Each character has 8-12 moves, many of which are duplicate motions that change depending on which of the three attack buttons are pressed. There is, however, a surprising mix of motions within each move set, with some characters having quarter-motion moves alongside full-circle and tap moves. As most fighters stick with motions (Street Fighter) or taps (Mortal Kombat), the mixture of control methods might initially make some characters confusing to use. That said, the limited number of motions helps to make memorization fairly easy while facilitating memorization, though I would recommend a fight stick, as trying to do a quarter-circle back and then a three-fourth circle forward is murder on the thumbs when using the directional pad and very difficult with the analog stick. The game also has a very stiff look and feel to it. Injustice has a similar rigidness, but it feels like an intentional design decision in that instance, given the smooth character animations and reliance on the less-fluid tap-style input scheme. In Aquapazza, the stiltedness comes across as a little clunky, partly as a result of limited frames of animation, which can be awkward at first. Thankfully, there are some ways to make combat easier, such as choosing to fight in simple mode, which restricts access to Splash Arts in exchange for being able to initiate special moves using a single button.
Despite the decreased complexity that simple mode offers, it won’t be enough for fighter novices to experience the entirety of Story mode. Aquapazza has a painful difficulty spike, which is inexplicable for a game filled with characters from non-fighters and with an eye to genre newcomers, with a healthy Training Mode that features combo demonstrations and numerous dummy AI customization options. On the default difficulty level, the AI ramps up considerably around the halfway mark. The change is so swift and so drastic that it can ruin an otherwise fun session, and as if that wasn’t enough, the developers add some salt in the wound by having the final boss regenerate their last life bar. That final surprise is enough to make even genre veterans throw up their hands in frustration.
Lowering the difficulty also has the added benefit of lessening the inevitable disappointment in the story itself. Every character plays through the same story arc of encountering one another as they battle to close the rift between universes and stopping Aquapazza from enslaving mankind. The random dialog bits that occur between bouts are so basic that they barely register as actual interaction. Given the large cast, numerous backstories, and number of fan bases being served, this is a missed opportunity. This is somewhat understandable, given that the extensive roster presents a problem for such a small project, and would have required considerable resources to create so many unique in-depth relationships. Still, this doesn’t lessen the disappointment, though the inclusion of an additional unlockable story mode, aptly named Another Story, helps to even things out. Characters again play through a set story arc with short conversations throughout, this time revolving around the Yata no Kagami mirror, and while it isn’t any more engaging, it at least offers the series’ fans a little more time with their favorite characters. Another benefit to playing through the stories is for the Gallery unlocks, which is a nice incentive even if some of the art is a bit risqué.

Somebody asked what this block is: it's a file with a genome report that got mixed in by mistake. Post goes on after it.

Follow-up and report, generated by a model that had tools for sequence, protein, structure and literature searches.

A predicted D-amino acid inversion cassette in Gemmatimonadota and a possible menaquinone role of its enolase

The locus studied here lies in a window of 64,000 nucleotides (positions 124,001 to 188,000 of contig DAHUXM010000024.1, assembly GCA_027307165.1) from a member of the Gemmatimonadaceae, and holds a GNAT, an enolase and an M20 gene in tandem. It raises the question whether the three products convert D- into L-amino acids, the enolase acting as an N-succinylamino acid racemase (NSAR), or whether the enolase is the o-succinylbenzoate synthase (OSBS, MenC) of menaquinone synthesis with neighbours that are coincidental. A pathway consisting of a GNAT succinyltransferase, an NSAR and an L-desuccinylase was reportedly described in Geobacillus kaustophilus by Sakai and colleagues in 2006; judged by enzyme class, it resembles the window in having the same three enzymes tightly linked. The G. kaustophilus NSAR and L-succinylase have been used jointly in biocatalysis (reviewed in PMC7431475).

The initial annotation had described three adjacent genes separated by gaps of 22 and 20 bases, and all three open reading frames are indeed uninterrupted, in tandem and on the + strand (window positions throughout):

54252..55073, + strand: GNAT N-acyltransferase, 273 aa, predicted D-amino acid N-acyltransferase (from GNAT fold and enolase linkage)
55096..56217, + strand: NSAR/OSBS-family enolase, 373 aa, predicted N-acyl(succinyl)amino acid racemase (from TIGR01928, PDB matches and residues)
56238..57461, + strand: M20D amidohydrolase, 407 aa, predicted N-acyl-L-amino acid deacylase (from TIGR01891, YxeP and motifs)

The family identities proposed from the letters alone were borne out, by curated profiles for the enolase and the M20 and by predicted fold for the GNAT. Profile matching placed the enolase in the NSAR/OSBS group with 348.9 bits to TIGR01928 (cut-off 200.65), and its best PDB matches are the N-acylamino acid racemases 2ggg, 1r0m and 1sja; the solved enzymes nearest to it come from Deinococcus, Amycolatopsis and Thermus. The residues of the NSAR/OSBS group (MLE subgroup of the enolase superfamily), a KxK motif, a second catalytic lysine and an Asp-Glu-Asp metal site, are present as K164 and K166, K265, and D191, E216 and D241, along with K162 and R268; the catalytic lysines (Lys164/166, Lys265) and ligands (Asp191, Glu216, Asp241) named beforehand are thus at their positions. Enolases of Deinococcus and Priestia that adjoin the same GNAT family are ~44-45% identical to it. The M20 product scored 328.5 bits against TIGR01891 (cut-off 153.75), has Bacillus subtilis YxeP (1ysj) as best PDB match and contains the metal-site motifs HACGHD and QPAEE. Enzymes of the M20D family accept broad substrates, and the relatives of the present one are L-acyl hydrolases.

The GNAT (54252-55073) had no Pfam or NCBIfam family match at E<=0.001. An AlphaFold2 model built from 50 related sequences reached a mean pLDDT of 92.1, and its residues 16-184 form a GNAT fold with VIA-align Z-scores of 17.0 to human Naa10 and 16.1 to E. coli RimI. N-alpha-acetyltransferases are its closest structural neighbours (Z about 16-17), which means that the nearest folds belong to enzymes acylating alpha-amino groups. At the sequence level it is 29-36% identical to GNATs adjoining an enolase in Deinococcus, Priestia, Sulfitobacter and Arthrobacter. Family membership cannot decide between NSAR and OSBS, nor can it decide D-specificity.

Competitive fighting fans are served by Score Attack mode, the offline two-player Versus mode, and the online PlayStation Network mode. Score Attack is a series of battles for points, with the option to upload the top score to a leaderboard. Versus allows for one-off bouts against either another player or the computer, while multiplayer offers Ranked Match, Player Match, Replay Theater, Player Data, and Ranking. Online matches can be hard to come by, and latency can be an issue from time to time. Performance might have been a larger issue had I been able to play more games against others, but given the scarcity of competition, finding an opponent seems to be the bigger problem. Replay Theater houses saved replays, but for some strange reason, the replays themselves must be downloaded from Ranking first, with the theater reserved for saved replays and recent personal matches. It’s an awkward system, but it works.
Aquapazza: Aquaplus Dream Match might feature a roster of relatively unknown characters from an array of dating sims and visual novels, but its simple yet varied engine, colorful combat, and unique move list makes for a very solid fighter. The stiff controls, forgettable story modes, and difficulty spikes can be a pain, and the anemic player base a problem, but the low cost and addictive action make this one for fighter and anime fans to check out—and hurry, I need more people to play against online.
(This review is based on a copy provided by the publisher.)